Beside me the wall kept me company as we ascended the fell, built hundreds of years ago one summer apparently to mark the boundary between two Norman deer parks and stop the straying of stock; it had withstood many days like this, although a slight lean showed that perhaps the foundations were not as good as they might have been after all their years of battering by the wind.

I passed a small clump of pine trees on the other side of the wall. I'd once stood on the wall top here as a hunted fox came down the fell towards me, that day I was wearing a full waterproof suit I had been given, bright orange in colour. The fox must have seen me as initially it was the same height as me and about fifty yards away, but it was either colour blind or perceived me to be no threat as it crossed the wall about ten feet from me, so close that I could smell the strange fox like smell best described as a musky urine that they give off.

Today there were no foxes in view but a little further up the track prints in the snow of an uncertain age. I followed them and it became clear that a fox had stalked a mountain hare for a short distance. The hare must have been alerted to the presence of the fox as its tracks suddenly showed an increase in speed followed by the fox for a short distance before they separated as the fox gave up.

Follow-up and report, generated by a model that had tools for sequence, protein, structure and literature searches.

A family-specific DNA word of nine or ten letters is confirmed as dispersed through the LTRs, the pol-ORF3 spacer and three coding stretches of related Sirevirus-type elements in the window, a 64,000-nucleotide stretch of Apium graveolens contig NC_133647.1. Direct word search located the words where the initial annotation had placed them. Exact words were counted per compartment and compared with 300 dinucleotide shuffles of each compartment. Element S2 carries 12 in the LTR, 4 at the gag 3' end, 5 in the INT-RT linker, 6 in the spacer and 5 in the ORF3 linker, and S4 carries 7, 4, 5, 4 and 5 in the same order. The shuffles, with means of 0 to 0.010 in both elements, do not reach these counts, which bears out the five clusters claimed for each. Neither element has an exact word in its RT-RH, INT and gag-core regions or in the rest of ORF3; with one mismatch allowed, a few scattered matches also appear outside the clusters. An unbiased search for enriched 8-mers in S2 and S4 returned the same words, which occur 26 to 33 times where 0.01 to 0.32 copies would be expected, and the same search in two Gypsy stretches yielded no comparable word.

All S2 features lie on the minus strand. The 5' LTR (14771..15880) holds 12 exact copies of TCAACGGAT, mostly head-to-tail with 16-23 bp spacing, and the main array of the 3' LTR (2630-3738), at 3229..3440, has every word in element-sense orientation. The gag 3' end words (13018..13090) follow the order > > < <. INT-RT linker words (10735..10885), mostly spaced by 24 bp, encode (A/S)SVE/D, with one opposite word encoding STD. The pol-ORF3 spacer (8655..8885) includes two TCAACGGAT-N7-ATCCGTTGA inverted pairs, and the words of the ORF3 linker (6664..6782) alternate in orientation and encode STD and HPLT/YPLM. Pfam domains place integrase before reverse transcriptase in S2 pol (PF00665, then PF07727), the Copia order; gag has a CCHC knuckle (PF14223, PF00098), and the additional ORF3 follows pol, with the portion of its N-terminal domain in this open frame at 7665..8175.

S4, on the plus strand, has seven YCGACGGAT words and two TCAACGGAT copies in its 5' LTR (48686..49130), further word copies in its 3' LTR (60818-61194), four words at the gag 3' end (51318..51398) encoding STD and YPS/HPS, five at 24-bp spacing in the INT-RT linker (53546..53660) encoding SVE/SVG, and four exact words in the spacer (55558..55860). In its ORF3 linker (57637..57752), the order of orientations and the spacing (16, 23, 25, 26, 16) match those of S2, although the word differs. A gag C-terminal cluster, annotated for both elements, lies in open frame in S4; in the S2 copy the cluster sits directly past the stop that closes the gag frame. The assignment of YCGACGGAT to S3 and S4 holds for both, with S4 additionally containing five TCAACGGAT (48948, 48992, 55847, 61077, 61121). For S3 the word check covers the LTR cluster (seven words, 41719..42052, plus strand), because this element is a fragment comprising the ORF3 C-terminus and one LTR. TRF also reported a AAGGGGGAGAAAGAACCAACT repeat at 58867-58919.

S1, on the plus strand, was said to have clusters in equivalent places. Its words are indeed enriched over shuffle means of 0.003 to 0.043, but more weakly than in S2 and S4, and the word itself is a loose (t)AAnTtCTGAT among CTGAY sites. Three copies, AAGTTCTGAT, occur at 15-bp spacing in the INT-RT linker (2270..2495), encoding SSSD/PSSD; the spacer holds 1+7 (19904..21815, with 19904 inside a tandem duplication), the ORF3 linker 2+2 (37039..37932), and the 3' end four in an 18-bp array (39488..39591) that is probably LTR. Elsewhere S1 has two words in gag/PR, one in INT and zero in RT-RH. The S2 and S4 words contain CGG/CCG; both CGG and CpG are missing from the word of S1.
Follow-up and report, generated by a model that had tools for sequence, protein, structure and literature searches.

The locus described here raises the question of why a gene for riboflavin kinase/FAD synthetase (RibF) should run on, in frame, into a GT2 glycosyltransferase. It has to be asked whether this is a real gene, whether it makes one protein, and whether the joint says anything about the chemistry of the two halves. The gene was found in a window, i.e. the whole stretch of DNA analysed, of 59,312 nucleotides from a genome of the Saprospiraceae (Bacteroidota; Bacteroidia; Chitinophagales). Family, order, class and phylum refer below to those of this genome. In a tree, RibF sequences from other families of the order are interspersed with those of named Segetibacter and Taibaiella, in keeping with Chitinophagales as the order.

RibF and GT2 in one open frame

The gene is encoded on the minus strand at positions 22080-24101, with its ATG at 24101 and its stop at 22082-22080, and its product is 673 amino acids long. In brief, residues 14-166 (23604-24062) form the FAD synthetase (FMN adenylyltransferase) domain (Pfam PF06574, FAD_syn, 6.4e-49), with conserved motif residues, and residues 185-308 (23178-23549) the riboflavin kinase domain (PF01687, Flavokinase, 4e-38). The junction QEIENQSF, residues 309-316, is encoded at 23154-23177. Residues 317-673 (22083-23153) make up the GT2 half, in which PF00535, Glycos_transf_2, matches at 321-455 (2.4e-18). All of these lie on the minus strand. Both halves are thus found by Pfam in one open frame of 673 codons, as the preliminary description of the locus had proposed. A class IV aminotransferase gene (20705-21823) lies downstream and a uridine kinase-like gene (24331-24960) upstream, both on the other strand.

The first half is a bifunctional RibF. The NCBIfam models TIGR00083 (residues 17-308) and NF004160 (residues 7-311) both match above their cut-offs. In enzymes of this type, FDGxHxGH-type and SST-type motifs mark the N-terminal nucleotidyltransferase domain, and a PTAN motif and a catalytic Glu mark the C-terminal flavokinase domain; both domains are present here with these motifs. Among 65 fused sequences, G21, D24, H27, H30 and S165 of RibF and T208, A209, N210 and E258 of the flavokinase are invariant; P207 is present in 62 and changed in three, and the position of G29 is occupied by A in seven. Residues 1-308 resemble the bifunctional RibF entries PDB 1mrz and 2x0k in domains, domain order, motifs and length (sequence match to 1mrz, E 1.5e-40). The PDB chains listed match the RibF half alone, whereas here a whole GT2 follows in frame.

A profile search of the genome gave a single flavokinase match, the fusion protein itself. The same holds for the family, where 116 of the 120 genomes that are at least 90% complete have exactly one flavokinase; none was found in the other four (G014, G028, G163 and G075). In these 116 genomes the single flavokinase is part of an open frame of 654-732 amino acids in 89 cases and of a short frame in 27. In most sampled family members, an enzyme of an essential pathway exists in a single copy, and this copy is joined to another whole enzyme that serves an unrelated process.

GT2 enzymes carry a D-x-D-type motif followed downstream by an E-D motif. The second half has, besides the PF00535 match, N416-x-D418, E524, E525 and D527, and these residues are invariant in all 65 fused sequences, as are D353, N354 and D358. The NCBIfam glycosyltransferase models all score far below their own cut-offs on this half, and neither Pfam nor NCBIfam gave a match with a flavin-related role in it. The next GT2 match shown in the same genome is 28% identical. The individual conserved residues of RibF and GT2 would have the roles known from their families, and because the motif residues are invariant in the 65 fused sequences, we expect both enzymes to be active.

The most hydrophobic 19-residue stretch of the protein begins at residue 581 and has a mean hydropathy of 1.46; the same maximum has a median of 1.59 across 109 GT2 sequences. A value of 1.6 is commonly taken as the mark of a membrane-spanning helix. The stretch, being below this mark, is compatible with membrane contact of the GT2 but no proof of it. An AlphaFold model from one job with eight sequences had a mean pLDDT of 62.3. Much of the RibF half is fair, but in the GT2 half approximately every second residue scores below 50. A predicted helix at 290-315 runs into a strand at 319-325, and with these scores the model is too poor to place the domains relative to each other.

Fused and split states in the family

I returned to the path and continued my ascent, moving slowly on the fairly steep slippery surface. I didn't have an ice axe, they cost money so care was needed and certainly would be on the descent. The wall continued on my left providing some shelter from a gradually increasing wind blowing from the west. Particles of snow lifted off the surface and carried by the wind stung my face and I pulled my woollen cap down to shield my left cheek from the needle like pain.

Suddenly I was at the top, only a pile of stones denotes the summit, there is no trig point here. The snow was banked against the wall quite deeply, blown here by a previously strong wind from the east, the pile of stones almost covered but I knew where they were. I sat down and opened my ruc sack, taking out a flask. A warm drink from a flask always tastes better on the hill than at work.

The view was spectacular, even better than described previously, the angle of the sun bringing into sharp relief the detail as the shadow lengthened. Soon it would be twilight and the sky began to take on that darkened appearance which precedes sunset.

It was starting to turn cold now and the valley bottoms full of shadow. A bright glow in the western sky told before long of the setting of the sun, it was time to go down, after all it was Christmas.